The Sitka Kitch was a project of the 2013 Sitka Health Summit, and the project is coordinated by the Sitka Conservation Society, in partnership with the Sitka Local Foods Network. The Sitka Kitch can be rented to teach cooking and food preservation classes, by local cottage food industry entrepreneurs who need a commercial kitchen to make their products, and for large groups needing a large kitchen for a community dinner. To learn more about how to rent the Sitka Kitch, please go to the website at http://www.sitkawild.org/sitka_kitch.

For more information about the winter Cooking From Scratch class series, please email sitkakitch@sitkawild.org. Also, watch for information soon on our Basic Culinary Skills class series in March, which is designed to help people who want to find work in the restaurant or catering fields improve their kitchen skills (these classes also will be open to people who want to improve their home cooking skills).

A slideshow of photos from the ancient grains and gut health class is posted below.

This slideshow requires JavaScript.

• Scenes from the first winter Cooking From Scratch series class — Homemade Pasta

EdithLetsStudentsTouchDough

kitch_logo_mainSpaghetti, fettuccini, farfalle, and pappardelle were among the topics of the Feb. 1 first class of the Sitka Kitch‘s winter Cooking From Scratch series — Homemade Pasta.

Taught by local chef Edith Johnson, students learned how to make a basic egg, olive oil and flour pasta recipe, then learned about the different types of pasta and how they are used.

This was the first of a series of four winter Cooking From Scratch classes at the Sitka Kitch community rental commercial kitchen in February. The other three classes are:

  • Ancient Grains and Gut Health — 6-8:30 p.m., Tuesday, Feb. 9, taught by Dr. Julien Naylor (an internal medicine specialist and chef). This class is focused on how to prepare ancient grains and include more of them in your diet to improve gut health. Registration closes on Feb. 6.
  • Sauces and Dressings — 6-8:30 p.m., Monday, Feb. 15, taught by Kathy Jones (executive chef at the Westmark Sitka and Dock Shack). This class is focused on preparing homemade sauces and dressings to help you lower your food costs and increase flavor. Registration closes on Feb. 12.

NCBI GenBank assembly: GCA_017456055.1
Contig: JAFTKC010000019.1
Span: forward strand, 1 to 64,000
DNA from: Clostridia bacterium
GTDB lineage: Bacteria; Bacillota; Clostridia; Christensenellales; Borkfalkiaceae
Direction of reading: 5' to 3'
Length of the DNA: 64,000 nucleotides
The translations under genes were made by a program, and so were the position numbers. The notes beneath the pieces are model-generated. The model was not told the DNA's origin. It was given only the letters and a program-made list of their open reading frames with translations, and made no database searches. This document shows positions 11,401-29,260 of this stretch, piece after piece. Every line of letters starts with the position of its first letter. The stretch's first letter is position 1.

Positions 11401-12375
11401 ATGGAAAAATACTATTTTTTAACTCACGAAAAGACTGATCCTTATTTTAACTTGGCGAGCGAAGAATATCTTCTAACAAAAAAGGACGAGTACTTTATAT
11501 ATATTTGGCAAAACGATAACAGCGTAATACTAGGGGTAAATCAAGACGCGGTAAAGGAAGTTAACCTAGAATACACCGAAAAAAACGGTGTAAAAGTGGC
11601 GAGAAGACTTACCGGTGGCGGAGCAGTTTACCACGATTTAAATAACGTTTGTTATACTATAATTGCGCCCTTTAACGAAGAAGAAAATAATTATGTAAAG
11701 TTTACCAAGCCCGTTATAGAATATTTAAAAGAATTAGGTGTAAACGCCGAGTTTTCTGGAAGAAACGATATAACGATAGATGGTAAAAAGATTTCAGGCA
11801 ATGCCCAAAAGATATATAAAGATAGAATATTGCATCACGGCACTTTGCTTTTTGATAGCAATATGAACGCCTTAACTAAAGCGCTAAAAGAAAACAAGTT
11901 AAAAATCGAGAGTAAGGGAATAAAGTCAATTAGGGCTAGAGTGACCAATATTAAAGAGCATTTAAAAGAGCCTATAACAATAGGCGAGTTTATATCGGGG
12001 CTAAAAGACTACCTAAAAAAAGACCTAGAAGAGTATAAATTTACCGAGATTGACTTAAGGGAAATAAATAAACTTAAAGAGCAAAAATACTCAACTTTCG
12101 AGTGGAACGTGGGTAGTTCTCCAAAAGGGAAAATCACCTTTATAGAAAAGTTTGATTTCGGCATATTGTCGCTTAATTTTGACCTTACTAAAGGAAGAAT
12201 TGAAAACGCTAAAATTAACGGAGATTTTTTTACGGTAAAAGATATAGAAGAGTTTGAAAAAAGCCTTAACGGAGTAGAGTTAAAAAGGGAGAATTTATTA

• Homemade Empanadas — 6-8:30 p.m., Monday, Feb. 29, taught by Barbara Palacios (sous chef at the Westmark Sitka). A favorite food of Latin America, Barbara will draw on her Chilean background to teach this delicious homemade empanada class. Empanadas can be savory or sweet, and filled with meats, vegetables or sweet ingredients. In this class, students will make salmon (baked) and/or cheese (deep-fried) empanadas. Registration closes on Feb. 26.

Each class costs $20, plus a food and equipment fee split between students (usually about $5-$10). All of the classes will be taught at the Sitka Kitch, which is located in the First Presbyterian Church (505 Sawmill Creek Road). To learn more about each class, click the class titles above (which will take you to our registration page; you pay with cash or check at the class, with checks made out to the Sitka Conservation Society).

BallOfFettuciniPastaSince class size is limited, we ask anybody who can’t make the class to please let us know so we can let someone from the waiting list into the class. Registration for each class closes at 5 p.m. the Friday before each class so supplies can be purchased (except for the ancient grains class, which closes on Saturday). If we don’t have enough people sign up, we may have to cancel the class, so please register early.

The Sitka Kitch was a project of the 2013 Sitka Health Summit, and the project is coordinated by the Sitka Conservation Society in partnership with the Sitka Local Foods Network. The Sitka Kitch can be rented to teach cooking and food preservation classes, by local cottage food industry entrepreneurs who need a commercial kitchen to make their products, and for large groups needing a large kitchen for a community dinner. To learn more about how to rent the Sitka Kitch, please go to the website at http://www.sitkawild.org/sitka_kitch.